Case in point — I like to run things inside Docker containers using AWS Batch, but this requires that all of the steps of a task (coping the files down from S3, running a long set of commands, checking the outputs, and uploading the results back to S3) be encapsulated in a single command. To that end, I have had to write wrapper scripts for each of my tools and bake them into the Docker image so that they can be invoked in a single command. As a result, I’m suck using the Docker containers that I maintain, instead of an awesome resource like BioContainers. This is highly suboptimal, and would be difficult for someone else to elaborate and develop further without completely forking the repo for every single command you want to tweak. Instead, I would much rather if we could all just contribute to and use BioContainers and use a workflow system that took care of all of the complex set of commands executed inside each container.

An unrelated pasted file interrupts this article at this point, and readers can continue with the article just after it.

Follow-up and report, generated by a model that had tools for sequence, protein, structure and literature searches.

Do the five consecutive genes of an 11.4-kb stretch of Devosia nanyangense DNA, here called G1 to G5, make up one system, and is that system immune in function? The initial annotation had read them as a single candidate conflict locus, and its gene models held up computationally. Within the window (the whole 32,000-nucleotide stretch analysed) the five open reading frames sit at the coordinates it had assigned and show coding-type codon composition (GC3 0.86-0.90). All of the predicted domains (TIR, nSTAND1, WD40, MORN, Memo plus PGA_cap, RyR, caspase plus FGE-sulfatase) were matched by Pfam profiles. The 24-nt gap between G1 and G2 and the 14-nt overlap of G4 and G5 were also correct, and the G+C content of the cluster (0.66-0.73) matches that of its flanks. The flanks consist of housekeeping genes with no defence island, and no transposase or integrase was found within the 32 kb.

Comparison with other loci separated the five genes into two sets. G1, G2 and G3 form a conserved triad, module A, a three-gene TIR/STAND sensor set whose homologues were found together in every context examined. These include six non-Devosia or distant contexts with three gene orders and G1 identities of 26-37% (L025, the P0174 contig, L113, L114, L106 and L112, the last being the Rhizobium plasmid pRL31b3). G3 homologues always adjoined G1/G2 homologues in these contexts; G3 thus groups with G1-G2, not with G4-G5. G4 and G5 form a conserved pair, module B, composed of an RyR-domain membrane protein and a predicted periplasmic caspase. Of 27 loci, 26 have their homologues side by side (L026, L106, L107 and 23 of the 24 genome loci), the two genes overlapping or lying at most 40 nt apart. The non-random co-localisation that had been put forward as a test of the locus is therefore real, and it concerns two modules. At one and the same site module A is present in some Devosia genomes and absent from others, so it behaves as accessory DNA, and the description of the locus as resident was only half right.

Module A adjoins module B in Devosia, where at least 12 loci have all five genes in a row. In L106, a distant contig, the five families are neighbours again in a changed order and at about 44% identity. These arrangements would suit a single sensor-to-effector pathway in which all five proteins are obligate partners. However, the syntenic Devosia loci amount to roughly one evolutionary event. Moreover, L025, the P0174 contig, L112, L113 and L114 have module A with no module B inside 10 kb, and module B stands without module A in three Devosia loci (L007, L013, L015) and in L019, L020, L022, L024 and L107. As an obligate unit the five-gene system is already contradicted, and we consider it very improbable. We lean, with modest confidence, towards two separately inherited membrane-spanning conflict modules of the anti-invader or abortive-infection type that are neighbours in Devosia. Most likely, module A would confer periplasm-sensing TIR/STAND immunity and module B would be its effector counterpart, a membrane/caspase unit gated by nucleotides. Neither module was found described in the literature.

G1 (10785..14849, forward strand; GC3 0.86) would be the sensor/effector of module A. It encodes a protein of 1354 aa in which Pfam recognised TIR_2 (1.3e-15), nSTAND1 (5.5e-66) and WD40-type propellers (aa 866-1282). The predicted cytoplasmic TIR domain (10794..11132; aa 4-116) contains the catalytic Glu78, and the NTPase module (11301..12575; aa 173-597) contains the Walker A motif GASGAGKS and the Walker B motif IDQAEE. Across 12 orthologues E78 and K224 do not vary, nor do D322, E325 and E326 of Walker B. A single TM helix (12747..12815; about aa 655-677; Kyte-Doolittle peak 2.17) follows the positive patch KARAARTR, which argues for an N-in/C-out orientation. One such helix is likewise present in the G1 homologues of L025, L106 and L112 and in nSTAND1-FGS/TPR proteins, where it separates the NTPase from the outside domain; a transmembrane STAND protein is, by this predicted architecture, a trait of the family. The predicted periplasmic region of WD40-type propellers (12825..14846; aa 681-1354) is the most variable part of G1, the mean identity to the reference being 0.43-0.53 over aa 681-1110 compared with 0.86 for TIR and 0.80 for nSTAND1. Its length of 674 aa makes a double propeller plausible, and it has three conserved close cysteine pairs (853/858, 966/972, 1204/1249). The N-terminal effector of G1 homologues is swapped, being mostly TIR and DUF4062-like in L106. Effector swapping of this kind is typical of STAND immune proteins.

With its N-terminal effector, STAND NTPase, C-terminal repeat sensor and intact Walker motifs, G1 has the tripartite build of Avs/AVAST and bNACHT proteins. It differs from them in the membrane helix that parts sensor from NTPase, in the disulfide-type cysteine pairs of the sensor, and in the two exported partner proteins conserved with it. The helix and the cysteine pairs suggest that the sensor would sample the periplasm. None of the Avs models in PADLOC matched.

In the end, I have a lot of confidence that the developers of workflow managers are working towards exactly the end goals that I’ve outlined. This isn’t a highly controversial area, it just requires an investment in computational infrastructure that our R&D ecosystem has always underinvested in. If the NIH decided today that they were going to fund the development and ongoing maintenance of three workflow managers by three independent groups (and their associated OSS communities), we’d have a much higher degree of reproducibility in science, but that hasn’t happened (as far as I know — I am probably making a vast oversimplification here for dramatic effect).
Give workflow managers a try, give back to the community where you can, and let’s all work towards a world where no bioinformatician ever has to run BWA by hand and look up which flag sets the number of threads.